Nissan is waiting for more details on Brexit before it lifts a freeze on investment at its Sunderland factory.
The Japanese manufacturer is the latest company to make it clear that without more details on how Brexit will work, it has to put investment decisions on hold or start planning for the worst case scenario.
Nissan has joined BMW, Unipart and Airbus with making public calls about the lack of clarity and direction over the Government’s plans ahead of leaving the European Union next year.
Carlos Ghosn, Nissan chief executive, told the BBC: "We have said very clearly we want to maintain the competitiveness of the UK, particularly in our case because we represent one third of the total car production of the UK in our plant in Sunderland.
"Obviously for us the stakes are very high, but it's difficult to tell you what kind of decision we're going to take without knowing exactly what is Brexit."
BMW has already said it needs a decision on what the situation will be at borders in the UK before September or it will have to start building contingency plans which will push up the price of cars, restrict its supply chain and as a result put pressure on the competitiveness of its UK production operations.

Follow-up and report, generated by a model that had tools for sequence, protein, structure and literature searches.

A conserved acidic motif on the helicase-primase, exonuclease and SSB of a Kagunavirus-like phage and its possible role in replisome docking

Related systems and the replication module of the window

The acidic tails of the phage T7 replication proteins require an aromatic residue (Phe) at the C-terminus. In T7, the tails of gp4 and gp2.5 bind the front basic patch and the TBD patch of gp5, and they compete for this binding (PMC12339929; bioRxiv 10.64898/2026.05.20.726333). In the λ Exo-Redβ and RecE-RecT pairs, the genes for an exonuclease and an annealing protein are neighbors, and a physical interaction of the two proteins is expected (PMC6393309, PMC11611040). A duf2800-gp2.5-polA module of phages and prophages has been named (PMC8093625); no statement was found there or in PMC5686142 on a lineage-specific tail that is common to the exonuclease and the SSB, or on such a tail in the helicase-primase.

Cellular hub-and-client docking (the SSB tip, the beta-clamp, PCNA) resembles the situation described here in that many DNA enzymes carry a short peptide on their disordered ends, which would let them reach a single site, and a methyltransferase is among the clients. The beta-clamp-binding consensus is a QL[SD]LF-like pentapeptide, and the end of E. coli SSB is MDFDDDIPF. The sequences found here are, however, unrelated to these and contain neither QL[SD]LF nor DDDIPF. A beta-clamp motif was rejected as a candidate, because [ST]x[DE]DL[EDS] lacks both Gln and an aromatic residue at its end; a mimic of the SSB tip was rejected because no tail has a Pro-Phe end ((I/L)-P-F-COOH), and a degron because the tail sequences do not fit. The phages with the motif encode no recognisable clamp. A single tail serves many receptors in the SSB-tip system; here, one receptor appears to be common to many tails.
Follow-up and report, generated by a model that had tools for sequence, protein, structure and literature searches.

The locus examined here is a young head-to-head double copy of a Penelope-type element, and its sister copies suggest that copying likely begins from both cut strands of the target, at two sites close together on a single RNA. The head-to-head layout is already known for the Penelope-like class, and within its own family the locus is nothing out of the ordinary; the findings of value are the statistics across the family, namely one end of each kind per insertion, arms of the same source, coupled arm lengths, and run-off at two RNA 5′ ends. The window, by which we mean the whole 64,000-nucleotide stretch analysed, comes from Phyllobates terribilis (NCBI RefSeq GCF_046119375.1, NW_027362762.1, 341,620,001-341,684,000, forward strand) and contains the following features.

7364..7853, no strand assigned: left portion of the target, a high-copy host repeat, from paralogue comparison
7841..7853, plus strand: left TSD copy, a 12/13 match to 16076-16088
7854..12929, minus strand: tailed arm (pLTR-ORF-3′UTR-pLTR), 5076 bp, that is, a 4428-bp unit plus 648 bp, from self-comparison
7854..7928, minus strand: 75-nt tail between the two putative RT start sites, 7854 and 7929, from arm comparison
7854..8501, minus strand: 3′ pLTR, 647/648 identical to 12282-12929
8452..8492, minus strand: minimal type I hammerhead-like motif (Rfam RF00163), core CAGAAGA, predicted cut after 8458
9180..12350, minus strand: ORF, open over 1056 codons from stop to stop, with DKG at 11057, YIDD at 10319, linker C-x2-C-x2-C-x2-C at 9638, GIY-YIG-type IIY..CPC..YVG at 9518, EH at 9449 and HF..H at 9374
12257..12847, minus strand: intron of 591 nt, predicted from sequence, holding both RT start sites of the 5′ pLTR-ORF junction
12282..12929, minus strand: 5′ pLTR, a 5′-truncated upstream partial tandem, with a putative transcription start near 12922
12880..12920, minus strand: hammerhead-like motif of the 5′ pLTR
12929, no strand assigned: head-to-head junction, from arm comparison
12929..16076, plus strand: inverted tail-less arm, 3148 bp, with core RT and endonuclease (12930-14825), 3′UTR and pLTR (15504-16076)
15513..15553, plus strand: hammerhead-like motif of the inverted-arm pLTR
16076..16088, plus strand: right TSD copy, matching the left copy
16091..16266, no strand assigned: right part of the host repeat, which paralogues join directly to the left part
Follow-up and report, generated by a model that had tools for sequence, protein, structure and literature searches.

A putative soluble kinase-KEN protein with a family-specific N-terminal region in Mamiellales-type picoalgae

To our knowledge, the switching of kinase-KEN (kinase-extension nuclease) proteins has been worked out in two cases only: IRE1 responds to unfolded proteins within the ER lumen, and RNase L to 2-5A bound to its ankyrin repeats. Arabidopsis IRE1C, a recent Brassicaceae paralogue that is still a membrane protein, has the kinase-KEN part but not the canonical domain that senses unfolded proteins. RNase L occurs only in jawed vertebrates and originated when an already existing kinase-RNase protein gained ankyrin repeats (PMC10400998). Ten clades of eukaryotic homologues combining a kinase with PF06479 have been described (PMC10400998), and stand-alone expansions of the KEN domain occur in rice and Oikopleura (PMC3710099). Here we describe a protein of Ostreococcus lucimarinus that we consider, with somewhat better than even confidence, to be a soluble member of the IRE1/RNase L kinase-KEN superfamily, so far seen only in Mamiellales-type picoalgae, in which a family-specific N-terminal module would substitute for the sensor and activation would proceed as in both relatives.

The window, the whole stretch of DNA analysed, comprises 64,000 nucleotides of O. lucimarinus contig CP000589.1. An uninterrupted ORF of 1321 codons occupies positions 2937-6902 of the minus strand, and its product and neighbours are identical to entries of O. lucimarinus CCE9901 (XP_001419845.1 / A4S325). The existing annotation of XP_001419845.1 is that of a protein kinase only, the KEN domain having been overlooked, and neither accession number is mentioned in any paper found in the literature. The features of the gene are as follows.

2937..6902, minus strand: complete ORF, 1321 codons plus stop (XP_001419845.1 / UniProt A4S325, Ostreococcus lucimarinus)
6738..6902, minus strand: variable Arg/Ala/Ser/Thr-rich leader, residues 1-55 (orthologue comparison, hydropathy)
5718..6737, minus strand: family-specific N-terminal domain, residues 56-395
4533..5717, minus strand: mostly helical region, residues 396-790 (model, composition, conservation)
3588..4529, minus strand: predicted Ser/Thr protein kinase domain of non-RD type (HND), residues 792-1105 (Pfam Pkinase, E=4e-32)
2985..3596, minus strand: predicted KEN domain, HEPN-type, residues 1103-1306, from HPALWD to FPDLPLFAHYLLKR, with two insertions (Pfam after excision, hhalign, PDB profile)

Honda has also said increased admin at UK borders is likely to add £2.1m in paper work and IT systems.
The calls from manufacturers follow on from the SMMT’s International Automotive Summit 2018 in London on June 26, where it revealed manufacturers halved investment in new models and factory improvements in the first six months of 2018.
SMMT chief executive Mike Hawes said: "There is growing frustration in global boardrooms at the slow pace of negotiations."
When pressed by journalists at the European Council summit in Brussels today, Prime minister Theresa May said both the UK and EU want to work towards a future Brexit deal “at a faster pace”.